THE number of children in hospital with a deadly virus has soared in the last week, official data has revealed.
Respiratory syncytial virus (RSV) is the cause of death for thousands of kids under five, across the world.
Now data from the UK Health Security Agency (UKHSA) has revealed that not only have cases risen – but that hospitalisations have also surged in the under 5s.
Dr Conall Watson, consultant epidemiologist for the UKHSA, said the rise in cases and hospitalisations at this time of year is expected.
“For children under two, RSV can be severe – particularly for babies and those born prematurely,” he said.
RSV infections increased by 8.3 per cent in the week ending October 30, with the highest rates in the under 5s at 29.3 per cent.
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The UKHSA data also shows visits to A&E for bronchiolitis (an infection commonly caused by RSV) in the under 1s have also increased.
As have hospitalisations for RSV in the under 5s with more than 16 children per 100,000 of the population in that group admitted for treatment – higher than any other age group.
It comes as cases of other bugs, including flu continue to rise, while the latest wave of Covid cases appears to be subsiding.
Experts have warned that some young children may not have built up any immunity to bugs like RSV and flu, due to Covid lockdowns.
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The ‘stay at home’ directive meant that the common bugs couldn’t circulate as normal, and as a result lots of children – and adults – have no immunity.
Dr Watson said with cases of RSV and flu on the rise, it is important that people remember basic hygiene measures that can help prevent infection.
“Actions like using tissues and handwashing can reduce spread to the most vulnerable,” he said.
“If you are ill, do not visit babies. If you are worried your infant has cold symptoms with any unusual breathing or difficulty feeding, please contact 111 or your GP.
“If your child seems seriously unwell, trust your judgement and get emergency care.”
RSV is common virus that usually affects children before their second birthday – in most cases causing nothing more than a cold.
But, in a small number of cases, RSV can lead to serious complications including bronchiolitis (inflammation of the small airways of the lungs) or pneumonia, which can prove life-threatening.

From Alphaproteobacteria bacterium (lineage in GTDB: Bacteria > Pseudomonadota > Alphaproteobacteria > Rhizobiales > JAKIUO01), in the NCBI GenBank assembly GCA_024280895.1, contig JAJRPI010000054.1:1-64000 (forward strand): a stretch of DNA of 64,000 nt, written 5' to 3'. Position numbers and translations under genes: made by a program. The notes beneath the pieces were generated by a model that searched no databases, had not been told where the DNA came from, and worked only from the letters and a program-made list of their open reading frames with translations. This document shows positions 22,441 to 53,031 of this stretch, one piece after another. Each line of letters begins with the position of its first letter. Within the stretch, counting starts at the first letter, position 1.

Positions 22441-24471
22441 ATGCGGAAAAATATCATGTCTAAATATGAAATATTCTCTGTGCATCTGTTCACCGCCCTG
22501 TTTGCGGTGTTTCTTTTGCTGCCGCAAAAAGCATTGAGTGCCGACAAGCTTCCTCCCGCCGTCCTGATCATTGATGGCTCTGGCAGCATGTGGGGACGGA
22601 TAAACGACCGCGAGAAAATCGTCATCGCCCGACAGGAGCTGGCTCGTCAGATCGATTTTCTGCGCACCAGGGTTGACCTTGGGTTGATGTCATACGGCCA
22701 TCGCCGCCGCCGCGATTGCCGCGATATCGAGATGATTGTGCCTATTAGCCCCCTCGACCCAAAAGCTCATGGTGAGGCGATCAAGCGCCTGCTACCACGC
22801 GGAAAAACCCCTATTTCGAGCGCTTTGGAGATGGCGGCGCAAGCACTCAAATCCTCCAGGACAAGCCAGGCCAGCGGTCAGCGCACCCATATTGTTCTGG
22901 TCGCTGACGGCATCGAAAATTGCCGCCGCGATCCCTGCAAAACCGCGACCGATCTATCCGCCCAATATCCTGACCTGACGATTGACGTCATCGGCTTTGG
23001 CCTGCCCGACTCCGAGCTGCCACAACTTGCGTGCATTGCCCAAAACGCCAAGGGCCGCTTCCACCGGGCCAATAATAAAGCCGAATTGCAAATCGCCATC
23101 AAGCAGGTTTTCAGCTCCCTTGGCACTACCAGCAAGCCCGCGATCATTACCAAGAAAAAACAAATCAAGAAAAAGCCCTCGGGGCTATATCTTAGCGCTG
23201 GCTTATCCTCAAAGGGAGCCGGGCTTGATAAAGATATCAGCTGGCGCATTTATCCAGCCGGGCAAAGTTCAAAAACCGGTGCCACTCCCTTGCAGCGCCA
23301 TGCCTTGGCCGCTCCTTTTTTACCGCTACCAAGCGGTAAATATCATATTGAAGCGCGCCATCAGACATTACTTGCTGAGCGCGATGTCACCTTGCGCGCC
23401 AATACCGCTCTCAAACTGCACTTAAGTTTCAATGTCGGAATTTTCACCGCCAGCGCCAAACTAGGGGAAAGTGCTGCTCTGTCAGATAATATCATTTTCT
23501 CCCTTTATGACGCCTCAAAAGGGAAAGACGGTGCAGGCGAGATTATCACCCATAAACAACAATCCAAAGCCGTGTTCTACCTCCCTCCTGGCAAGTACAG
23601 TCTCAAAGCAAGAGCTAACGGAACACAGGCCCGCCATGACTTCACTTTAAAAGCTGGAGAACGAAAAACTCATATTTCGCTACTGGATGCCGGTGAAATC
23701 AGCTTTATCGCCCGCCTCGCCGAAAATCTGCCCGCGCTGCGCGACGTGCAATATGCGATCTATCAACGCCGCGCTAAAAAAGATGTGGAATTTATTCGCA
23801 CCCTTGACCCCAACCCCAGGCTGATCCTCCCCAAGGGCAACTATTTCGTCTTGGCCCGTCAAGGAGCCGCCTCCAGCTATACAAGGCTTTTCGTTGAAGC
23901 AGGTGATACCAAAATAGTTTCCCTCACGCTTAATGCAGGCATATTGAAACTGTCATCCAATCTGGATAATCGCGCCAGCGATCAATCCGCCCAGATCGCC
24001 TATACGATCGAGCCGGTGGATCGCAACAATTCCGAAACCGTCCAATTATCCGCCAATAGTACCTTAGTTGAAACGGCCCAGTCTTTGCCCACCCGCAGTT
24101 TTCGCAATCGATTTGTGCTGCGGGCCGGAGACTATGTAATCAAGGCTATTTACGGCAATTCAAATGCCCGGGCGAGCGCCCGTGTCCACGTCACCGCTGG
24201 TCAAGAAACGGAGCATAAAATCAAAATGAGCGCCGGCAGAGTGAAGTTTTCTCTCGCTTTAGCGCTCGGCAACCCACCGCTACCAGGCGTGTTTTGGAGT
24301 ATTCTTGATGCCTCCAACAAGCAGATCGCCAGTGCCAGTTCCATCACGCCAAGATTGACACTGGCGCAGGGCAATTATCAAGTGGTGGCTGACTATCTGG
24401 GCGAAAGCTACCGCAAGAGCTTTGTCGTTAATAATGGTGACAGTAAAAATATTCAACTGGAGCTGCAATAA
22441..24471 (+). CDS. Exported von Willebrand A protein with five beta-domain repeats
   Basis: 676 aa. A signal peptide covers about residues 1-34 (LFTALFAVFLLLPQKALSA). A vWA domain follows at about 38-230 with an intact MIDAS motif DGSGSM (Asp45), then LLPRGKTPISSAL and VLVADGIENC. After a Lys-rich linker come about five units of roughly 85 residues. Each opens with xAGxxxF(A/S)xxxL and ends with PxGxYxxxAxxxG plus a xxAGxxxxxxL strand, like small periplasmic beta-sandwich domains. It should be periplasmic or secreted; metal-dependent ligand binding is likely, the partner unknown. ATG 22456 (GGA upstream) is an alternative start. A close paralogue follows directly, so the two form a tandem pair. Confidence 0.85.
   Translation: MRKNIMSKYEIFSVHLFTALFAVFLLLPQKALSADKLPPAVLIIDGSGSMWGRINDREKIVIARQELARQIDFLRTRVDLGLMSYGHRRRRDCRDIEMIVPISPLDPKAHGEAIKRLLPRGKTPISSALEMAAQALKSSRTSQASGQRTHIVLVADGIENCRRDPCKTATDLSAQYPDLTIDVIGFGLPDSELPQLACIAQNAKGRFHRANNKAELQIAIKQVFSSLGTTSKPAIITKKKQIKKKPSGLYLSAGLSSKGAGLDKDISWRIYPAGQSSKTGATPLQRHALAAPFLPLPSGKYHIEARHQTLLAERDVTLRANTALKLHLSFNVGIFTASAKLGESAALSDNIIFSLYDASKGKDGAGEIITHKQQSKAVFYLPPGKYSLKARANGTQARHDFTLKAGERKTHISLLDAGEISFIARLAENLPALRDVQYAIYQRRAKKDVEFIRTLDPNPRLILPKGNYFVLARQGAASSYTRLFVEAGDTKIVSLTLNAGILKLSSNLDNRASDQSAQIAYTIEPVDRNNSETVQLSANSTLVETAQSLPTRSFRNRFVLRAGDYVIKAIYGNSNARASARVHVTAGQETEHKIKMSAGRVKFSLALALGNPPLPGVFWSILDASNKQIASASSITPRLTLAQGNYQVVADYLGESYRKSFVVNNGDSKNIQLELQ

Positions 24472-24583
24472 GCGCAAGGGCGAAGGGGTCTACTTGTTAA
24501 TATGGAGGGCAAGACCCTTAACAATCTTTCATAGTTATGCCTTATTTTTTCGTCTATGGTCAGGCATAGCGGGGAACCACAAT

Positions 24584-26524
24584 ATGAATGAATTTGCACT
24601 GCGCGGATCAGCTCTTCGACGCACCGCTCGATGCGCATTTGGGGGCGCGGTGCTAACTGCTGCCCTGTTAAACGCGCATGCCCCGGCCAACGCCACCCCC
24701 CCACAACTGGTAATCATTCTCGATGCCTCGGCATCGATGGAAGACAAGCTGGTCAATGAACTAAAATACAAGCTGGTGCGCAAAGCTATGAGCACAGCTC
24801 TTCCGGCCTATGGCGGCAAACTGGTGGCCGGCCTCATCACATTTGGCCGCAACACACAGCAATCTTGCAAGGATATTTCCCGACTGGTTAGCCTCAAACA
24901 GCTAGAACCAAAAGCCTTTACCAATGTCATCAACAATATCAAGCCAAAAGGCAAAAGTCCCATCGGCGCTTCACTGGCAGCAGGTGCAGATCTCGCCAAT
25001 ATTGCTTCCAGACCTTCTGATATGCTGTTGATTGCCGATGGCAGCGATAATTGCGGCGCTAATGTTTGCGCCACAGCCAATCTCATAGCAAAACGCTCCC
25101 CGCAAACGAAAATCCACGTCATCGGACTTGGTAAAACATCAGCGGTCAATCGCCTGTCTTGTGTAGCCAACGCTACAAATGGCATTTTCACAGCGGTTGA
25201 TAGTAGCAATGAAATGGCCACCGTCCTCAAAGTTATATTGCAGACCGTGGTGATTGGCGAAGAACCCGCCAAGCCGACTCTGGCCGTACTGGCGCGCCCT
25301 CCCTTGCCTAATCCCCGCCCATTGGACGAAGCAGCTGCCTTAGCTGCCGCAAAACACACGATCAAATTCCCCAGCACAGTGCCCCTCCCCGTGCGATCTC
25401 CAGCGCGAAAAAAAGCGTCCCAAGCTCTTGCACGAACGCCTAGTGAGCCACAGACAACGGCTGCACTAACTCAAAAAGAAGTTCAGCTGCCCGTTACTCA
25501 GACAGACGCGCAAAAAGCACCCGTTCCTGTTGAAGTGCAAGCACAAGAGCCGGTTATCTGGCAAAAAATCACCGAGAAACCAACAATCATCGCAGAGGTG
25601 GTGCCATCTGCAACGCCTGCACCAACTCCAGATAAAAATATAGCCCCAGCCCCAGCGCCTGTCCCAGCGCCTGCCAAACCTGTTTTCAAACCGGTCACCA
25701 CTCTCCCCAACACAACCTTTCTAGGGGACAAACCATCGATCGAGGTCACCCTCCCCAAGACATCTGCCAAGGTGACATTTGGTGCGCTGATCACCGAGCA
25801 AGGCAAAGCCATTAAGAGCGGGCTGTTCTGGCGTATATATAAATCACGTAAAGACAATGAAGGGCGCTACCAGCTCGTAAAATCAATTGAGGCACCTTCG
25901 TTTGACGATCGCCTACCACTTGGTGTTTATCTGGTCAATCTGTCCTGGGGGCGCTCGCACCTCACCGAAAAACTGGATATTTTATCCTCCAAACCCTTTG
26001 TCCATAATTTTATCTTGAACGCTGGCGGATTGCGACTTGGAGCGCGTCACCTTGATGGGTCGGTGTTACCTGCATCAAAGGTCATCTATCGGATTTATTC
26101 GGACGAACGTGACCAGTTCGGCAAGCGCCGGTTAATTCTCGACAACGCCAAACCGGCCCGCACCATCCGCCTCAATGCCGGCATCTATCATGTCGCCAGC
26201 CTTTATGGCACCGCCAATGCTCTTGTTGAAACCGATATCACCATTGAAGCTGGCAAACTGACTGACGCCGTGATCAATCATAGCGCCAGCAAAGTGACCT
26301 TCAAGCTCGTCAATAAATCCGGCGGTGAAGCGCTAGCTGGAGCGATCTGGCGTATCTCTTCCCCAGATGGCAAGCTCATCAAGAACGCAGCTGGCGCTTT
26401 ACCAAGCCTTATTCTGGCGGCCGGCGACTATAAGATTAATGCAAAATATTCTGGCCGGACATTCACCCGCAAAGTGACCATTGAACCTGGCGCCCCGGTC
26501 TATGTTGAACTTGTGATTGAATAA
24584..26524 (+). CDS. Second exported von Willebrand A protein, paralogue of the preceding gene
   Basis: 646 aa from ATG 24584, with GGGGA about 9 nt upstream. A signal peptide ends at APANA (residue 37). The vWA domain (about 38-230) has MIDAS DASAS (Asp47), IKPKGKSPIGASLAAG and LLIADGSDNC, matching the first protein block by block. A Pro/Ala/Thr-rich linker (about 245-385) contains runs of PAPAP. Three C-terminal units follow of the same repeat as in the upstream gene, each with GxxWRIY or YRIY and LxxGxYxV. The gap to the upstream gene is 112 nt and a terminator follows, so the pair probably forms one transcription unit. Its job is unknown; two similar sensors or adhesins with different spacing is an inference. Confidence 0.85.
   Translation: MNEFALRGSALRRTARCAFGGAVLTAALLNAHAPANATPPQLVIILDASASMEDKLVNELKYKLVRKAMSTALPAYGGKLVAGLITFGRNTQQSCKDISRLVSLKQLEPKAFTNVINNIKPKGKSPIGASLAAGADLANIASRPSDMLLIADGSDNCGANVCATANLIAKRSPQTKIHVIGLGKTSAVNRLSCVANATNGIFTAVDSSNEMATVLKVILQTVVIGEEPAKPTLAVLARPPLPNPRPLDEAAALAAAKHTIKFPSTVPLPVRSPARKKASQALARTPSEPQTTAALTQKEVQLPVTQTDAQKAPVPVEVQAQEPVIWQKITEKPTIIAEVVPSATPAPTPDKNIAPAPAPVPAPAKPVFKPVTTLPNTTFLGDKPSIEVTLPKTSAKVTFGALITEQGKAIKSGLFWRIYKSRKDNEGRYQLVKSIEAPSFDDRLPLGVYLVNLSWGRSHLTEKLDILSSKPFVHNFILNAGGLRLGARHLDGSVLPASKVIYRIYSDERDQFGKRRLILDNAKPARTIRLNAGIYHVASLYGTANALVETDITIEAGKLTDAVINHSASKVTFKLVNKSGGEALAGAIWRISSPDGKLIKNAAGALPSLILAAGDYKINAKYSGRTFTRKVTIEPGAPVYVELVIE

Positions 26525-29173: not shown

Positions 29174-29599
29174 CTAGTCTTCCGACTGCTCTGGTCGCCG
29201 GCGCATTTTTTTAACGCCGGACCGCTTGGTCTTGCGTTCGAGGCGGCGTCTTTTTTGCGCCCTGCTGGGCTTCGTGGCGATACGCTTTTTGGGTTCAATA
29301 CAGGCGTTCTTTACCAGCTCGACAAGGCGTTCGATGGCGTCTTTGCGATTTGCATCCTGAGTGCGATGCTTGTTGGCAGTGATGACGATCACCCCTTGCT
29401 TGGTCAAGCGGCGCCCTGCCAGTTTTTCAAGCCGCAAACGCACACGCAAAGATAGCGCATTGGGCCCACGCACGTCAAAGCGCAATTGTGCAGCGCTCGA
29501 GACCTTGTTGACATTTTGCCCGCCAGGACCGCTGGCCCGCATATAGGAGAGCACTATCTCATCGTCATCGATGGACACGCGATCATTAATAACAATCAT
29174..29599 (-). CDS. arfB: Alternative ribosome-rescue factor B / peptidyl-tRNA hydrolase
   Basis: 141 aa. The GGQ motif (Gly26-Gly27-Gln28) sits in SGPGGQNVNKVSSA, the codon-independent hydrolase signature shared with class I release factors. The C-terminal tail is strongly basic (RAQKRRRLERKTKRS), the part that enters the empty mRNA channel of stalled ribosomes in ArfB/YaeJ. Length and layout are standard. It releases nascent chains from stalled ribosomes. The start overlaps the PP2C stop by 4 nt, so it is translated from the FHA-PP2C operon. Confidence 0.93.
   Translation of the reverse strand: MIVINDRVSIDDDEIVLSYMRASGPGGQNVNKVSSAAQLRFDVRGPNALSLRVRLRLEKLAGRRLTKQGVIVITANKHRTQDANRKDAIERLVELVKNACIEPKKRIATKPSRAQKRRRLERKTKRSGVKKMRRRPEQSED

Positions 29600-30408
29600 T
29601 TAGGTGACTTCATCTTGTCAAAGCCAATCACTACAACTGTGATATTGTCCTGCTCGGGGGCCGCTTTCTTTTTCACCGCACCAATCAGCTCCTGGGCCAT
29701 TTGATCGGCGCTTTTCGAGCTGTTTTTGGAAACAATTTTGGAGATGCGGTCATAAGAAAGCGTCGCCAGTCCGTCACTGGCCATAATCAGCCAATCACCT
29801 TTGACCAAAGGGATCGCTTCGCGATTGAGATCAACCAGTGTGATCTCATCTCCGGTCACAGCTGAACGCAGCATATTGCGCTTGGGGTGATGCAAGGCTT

RSV can cause cold-like symptoms, including a cough and runny nose, which can last between one to two weeks.
If you spot the below symptoms, it’s important to call your GP, and if your child is seriously unwell, always dial 999.
The five signs you need to know:
- Trouble breathing
- Cough producing yellow, green, or grey mucus
- Unusually upset or inactive
- Refuses to breastfeed or bottle-feed
- Signs of dehydration – lack of tears when crying, little or no urine in the nappy for six hours, and cool, dry skin.
If your baby is very tired, breathes rapidly, or has a blue tint to the lips or fingernails, get medical attention immediately.
Professor Harish Nair, Chair of Paediatric Infectious Diseases and Global Health at the University of Edinburgh previously said that parents can help their children by encouraging frequent handwashing and disinfecting surfaces and toys.
Prof Nair, who is involved in Sanofi’s Together Against RSV campaign added: “Cold and damp homes can predispose infants to a number of respiratory illnesses, such as wheezing, asthma, bronchiolitis and pneumonia including those due to respiratory syncytial virus (RSV).
“With the cost of living increasing and many families likely to find it difficult to heat their homes this winter, children’s vulnerability to illness could be increased and this could impact the number of RSV cases significantly bringing extra strain on the NHS.
“RSV is a common infection in children and while most cases are mild, some cases can be more severe and require hospital care.
“It’s essential parents understand what RSV is and how to protect their children against it.”
FLU IS UP
The UKHSA report also shows cases of flu are rising in younger age groups.
Rates are estimated to be highest among people aged 15 to 44, with 13.4 per cent of laboratory samples from this age group testing positive.
Rates are second highest in those aged five to 14 year-olds, with 10.4 per cent of samples from this age group testing positive.
Hospital admissions for flu decreased slightly during the week and were highest in the 85 and over age group, the UKHSA said.
Covid-19 hospital admissions also fell but were highest in the 85 and over age group.
Overall levels of flu are still low, meaning it is too early to predict how big the wave of infections will be.
In total around 33 million people in England can get a free flu vaccine this year, including everyone aged 50 and over, all primary-age children and some secondary-age children.
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The vaccine is also being offered to pregnant women, people in care homes, frontline health and social care staff, carers, those aged six to 49 with a specified health condition, and household contacts of people with weakened immune systems.
All two and three-year-olds are eligible for a flu nasal spray vaccine, which will be offered by their local GP.